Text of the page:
LWB145 Week Nine Lecture Notes
The Doctrine of Precedent Part Two
Review from Last Week
A court will be bound by a decision of a superior court in the same hierarchy.
A court is bound to follow the ratio decidendi of an earlier decision, but will not be bound to follow the
obiter dictum of the earlier decision.
Some courts are not part of the appellate structure.
Certain courts are at the ‘common apex’ of different hierarchies.
We looked at per incuriam decisions.
Express or implied overruling of previous cases.
Wilful disregard of binding precedents.
Majority opinions and equally divided courts.
Previous Decisions of the Same Court
Are courts bound by their own previous decisions?
The short answer is no – the only exception being the civil division of the English Court of Appeal.
However, even though courts are not technically bound to do so, it is very rare for a court to depart from its
Supreme Court of United Kingdom
The highest court in the English court hierarchy, replacing the House of Lords as the highest court on
October 1 2009.
It is highly unlikely that the Supreme Court of the United Kingdom will be bound by its own previous
House of Lords
The House of Lords was initially not bound by its previous decisions.
However, this changed in 1898 when the case of London Tramways Co Ltd v London City Council  AC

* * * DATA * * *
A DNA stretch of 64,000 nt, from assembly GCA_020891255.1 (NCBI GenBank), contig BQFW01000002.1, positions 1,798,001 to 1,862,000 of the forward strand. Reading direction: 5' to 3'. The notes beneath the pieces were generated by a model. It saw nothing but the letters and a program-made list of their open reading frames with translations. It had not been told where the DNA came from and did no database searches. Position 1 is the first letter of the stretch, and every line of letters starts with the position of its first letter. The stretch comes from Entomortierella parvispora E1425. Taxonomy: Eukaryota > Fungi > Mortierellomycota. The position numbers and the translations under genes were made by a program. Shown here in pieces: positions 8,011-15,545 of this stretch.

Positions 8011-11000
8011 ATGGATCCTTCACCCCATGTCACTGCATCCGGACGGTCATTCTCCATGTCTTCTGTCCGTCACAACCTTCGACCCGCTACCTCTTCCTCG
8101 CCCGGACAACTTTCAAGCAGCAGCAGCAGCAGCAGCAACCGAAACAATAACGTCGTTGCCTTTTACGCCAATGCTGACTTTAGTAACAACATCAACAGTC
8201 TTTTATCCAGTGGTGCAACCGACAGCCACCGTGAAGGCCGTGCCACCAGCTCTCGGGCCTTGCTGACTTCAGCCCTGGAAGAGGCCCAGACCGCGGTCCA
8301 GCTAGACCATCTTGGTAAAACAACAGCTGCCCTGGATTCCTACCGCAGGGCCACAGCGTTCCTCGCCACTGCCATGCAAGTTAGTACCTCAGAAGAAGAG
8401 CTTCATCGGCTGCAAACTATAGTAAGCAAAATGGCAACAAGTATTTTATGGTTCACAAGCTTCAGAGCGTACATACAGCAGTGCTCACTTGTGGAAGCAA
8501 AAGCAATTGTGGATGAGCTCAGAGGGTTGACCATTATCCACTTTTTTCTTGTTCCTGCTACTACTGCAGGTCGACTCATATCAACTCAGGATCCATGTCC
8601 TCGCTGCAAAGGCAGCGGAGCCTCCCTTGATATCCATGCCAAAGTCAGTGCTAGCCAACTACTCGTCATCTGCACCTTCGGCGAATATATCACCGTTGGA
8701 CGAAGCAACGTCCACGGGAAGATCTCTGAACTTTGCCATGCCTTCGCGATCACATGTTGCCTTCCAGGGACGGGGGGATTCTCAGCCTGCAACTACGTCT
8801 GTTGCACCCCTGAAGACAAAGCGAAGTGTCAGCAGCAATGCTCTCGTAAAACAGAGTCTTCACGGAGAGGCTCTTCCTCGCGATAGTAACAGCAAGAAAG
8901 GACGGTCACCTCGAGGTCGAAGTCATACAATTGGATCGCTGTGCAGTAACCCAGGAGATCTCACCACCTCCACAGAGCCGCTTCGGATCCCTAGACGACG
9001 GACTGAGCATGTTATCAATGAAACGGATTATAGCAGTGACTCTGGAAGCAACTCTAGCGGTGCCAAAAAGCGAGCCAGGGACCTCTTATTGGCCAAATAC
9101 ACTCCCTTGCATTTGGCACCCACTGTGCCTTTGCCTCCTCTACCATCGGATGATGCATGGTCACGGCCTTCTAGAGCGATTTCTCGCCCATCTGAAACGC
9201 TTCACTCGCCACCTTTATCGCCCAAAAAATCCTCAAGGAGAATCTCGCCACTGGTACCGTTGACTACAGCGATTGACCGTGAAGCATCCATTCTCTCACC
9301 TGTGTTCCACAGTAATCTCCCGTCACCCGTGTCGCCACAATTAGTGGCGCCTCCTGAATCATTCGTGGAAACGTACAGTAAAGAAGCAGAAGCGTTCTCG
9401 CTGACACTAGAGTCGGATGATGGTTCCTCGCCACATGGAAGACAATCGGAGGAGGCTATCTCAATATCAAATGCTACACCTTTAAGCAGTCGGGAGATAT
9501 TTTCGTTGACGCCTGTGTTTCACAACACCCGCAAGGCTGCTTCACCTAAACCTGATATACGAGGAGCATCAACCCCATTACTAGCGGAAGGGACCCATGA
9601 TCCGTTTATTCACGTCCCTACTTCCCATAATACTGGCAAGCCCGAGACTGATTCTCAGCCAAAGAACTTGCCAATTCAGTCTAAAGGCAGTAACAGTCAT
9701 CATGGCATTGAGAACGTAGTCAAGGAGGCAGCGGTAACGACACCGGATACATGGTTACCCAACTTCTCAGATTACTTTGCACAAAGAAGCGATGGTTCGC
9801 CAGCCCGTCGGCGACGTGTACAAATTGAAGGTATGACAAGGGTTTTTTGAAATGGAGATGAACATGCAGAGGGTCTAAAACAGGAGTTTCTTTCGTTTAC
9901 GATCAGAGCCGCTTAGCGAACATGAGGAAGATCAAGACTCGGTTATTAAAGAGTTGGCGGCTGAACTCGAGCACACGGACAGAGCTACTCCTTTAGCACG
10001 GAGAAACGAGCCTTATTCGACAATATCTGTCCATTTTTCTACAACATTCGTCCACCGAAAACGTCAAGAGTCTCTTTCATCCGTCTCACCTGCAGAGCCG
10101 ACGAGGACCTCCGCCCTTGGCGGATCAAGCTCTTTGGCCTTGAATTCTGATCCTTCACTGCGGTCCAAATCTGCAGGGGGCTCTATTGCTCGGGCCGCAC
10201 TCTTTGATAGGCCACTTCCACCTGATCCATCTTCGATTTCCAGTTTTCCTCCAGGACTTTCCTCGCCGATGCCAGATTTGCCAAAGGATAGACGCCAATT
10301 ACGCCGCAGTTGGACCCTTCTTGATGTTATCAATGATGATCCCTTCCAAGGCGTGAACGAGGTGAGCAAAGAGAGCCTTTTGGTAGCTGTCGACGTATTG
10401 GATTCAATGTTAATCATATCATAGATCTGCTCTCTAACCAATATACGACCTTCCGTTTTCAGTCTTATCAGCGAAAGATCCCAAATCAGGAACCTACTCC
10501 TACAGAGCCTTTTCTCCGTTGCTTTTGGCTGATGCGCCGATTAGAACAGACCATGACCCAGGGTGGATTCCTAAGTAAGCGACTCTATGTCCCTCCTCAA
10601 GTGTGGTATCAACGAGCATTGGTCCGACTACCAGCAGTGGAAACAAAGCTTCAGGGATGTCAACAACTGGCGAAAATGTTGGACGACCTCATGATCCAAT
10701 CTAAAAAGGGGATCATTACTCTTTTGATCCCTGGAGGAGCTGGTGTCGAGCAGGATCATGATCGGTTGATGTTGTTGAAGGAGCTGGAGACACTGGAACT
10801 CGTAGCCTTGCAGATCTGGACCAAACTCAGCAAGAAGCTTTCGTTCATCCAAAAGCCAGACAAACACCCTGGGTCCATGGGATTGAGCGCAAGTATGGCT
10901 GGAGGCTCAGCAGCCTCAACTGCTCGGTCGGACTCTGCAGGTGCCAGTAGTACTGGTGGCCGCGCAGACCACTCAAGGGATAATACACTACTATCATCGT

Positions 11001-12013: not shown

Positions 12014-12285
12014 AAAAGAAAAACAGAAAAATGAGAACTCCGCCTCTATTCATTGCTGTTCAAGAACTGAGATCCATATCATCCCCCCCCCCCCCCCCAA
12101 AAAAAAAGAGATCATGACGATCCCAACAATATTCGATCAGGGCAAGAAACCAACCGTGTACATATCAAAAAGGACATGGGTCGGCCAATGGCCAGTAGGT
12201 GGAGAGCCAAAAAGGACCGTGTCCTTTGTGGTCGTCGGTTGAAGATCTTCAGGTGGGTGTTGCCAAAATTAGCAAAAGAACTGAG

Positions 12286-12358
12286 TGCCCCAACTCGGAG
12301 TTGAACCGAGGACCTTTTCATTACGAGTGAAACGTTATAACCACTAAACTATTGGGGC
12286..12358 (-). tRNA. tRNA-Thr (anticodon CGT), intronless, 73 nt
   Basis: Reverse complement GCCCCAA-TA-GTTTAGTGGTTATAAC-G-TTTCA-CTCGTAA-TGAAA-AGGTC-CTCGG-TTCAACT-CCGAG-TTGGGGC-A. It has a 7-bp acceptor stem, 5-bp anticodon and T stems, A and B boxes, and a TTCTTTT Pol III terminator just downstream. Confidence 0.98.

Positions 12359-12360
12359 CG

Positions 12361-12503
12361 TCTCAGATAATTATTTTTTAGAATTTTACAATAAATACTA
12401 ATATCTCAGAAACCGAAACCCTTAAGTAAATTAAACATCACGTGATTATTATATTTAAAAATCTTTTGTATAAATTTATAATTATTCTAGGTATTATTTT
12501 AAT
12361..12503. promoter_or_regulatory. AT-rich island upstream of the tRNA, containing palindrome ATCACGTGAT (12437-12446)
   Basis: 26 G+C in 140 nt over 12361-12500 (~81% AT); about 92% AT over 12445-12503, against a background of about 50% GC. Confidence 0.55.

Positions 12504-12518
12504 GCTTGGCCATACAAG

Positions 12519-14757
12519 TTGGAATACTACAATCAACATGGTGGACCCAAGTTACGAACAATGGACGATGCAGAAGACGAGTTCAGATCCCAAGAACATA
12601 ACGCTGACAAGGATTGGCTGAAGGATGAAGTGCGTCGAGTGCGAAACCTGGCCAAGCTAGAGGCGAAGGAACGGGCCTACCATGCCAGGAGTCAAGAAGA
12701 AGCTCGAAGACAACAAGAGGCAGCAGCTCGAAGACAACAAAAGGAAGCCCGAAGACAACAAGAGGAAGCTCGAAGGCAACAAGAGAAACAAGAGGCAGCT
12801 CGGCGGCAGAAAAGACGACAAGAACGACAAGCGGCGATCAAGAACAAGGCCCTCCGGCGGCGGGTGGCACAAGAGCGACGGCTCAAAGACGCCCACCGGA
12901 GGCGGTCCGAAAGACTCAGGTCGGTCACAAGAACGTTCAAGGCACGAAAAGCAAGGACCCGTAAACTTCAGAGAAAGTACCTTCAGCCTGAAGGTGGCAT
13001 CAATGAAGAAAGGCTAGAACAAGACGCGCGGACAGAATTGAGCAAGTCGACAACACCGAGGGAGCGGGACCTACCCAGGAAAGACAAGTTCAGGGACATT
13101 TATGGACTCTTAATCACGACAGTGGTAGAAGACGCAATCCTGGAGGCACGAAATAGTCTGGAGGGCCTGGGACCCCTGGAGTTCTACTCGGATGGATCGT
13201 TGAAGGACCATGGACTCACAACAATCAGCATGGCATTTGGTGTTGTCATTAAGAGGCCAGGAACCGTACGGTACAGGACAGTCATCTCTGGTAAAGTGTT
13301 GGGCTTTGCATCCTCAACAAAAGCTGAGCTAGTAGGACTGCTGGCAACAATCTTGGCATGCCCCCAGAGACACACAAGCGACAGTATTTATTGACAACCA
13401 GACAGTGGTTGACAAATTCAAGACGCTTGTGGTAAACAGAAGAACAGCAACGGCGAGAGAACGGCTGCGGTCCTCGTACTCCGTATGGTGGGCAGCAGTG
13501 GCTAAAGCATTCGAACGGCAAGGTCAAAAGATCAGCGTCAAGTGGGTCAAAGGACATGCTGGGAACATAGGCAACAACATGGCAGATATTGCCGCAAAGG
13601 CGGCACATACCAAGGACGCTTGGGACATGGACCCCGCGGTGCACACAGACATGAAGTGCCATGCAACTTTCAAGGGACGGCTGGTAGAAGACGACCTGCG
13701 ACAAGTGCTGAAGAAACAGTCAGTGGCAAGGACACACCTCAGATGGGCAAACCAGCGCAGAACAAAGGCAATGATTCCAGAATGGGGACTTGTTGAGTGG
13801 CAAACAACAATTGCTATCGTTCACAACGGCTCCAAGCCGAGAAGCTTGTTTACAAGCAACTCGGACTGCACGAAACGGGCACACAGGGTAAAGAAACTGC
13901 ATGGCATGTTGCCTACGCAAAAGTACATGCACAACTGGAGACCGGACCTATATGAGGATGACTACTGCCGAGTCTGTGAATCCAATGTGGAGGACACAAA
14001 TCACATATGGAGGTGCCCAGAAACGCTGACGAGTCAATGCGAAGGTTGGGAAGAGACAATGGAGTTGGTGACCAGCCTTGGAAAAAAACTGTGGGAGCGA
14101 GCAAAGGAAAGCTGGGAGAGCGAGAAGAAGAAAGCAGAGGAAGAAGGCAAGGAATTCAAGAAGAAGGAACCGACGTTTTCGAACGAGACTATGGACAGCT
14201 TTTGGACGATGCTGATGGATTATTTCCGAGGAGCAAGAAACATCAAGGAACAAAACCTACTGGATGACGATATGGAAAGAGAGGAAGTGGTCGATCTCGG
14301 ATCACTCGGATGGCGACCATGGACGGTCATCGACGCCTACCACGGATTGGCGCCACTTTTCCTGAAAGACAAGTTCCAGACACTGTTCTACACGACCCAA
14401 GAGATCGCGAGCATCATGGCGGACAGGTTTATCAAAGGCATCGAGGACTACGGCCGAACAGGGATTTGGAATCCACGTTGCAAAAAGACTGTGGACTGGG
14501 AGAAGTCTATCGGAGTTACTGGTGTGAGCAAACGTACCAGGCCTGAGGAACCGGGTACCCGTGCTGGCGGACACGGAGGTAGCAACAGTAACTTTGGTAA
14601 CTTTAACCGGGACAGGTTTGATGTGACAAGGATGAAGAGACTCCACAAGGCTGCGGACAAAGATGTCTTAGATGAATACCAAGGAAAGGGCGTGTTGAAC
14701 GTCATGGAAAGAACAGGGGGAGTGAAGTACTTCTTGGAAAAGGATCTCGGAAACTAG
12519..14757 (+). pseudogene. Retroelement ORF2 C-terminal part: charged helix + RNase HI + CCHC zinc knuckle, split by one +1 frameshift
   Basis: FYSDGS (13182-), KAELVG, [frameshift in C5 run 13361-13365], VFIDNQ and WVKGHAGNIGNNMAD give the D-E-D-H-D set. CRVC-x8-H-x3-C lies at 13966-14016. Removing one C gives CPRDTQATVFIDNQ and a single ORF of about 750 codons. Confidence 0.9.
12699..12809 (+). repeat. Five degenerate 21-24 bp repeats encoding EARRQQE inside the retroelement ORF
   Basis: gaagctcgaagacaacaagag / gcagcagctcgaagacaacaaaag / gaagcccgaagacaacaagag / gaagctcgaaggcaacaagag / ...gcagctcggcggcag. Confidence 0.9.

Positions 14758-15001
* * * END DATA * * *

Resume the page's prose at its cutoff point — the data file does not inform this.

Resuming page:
375 ruled that the House of Lords was bound by its own previous decisions.
This position changed again in 1966 when a Practice Statement held that the House of Lords was not strictly
bound by its own previous decisions.
The Privy Council has never been bound by its own previous decisions, Read v Bishop of Lincoln  AC
High Court of Australia
The High Court of Australia has never regarded itself as being bound by its previous decisions, Australian
Agricultural Co v Federated Engine-Drivers and Firemen’s Association of Australasia (1913) 17 CLR 261.
See Laying Down the Law pp 143-155 for examples of when the High Court might depart from its
The Full Court of Federal Court & State Courts of Appeal
The Full Court of the Federal Court and the Court of Appeals in each state are not bound by their own
previous decisions, Nguyen v Nguyen (1990) 169 CLR 245
See also pages 169 – 171 of Laying Down the Law.
The Queensland Court of Appeal held itself bound by its own decisions for a period of time, but ceased to do
so after Nguyen.
What About Single Judges?
A single judge is not bound by the decision of a fellow single judge.
This applies to single Supreme Court Justices, District Court Judges and Magistrates.
See La Macchia v Minister for Primary Industries and Energy (1992) 110 ALR 201 at 204: “The doctrine of stare decisis does not, of course, compel the conclusion that a judge must always follow a
decision of another judge of the same court...But the practice in England, and I think also in Australia, is that
“a judge of first instance will as a matter of judicial comity usually follow the decision of another judge of
first instance...unless he is convinced that the judgment was wrong”’.
Appellate Courts in Other Jurisdictions
It may be an oversimplification to think of previous decisions as either binding or merely persuasive.
MacAdam and Pyke refer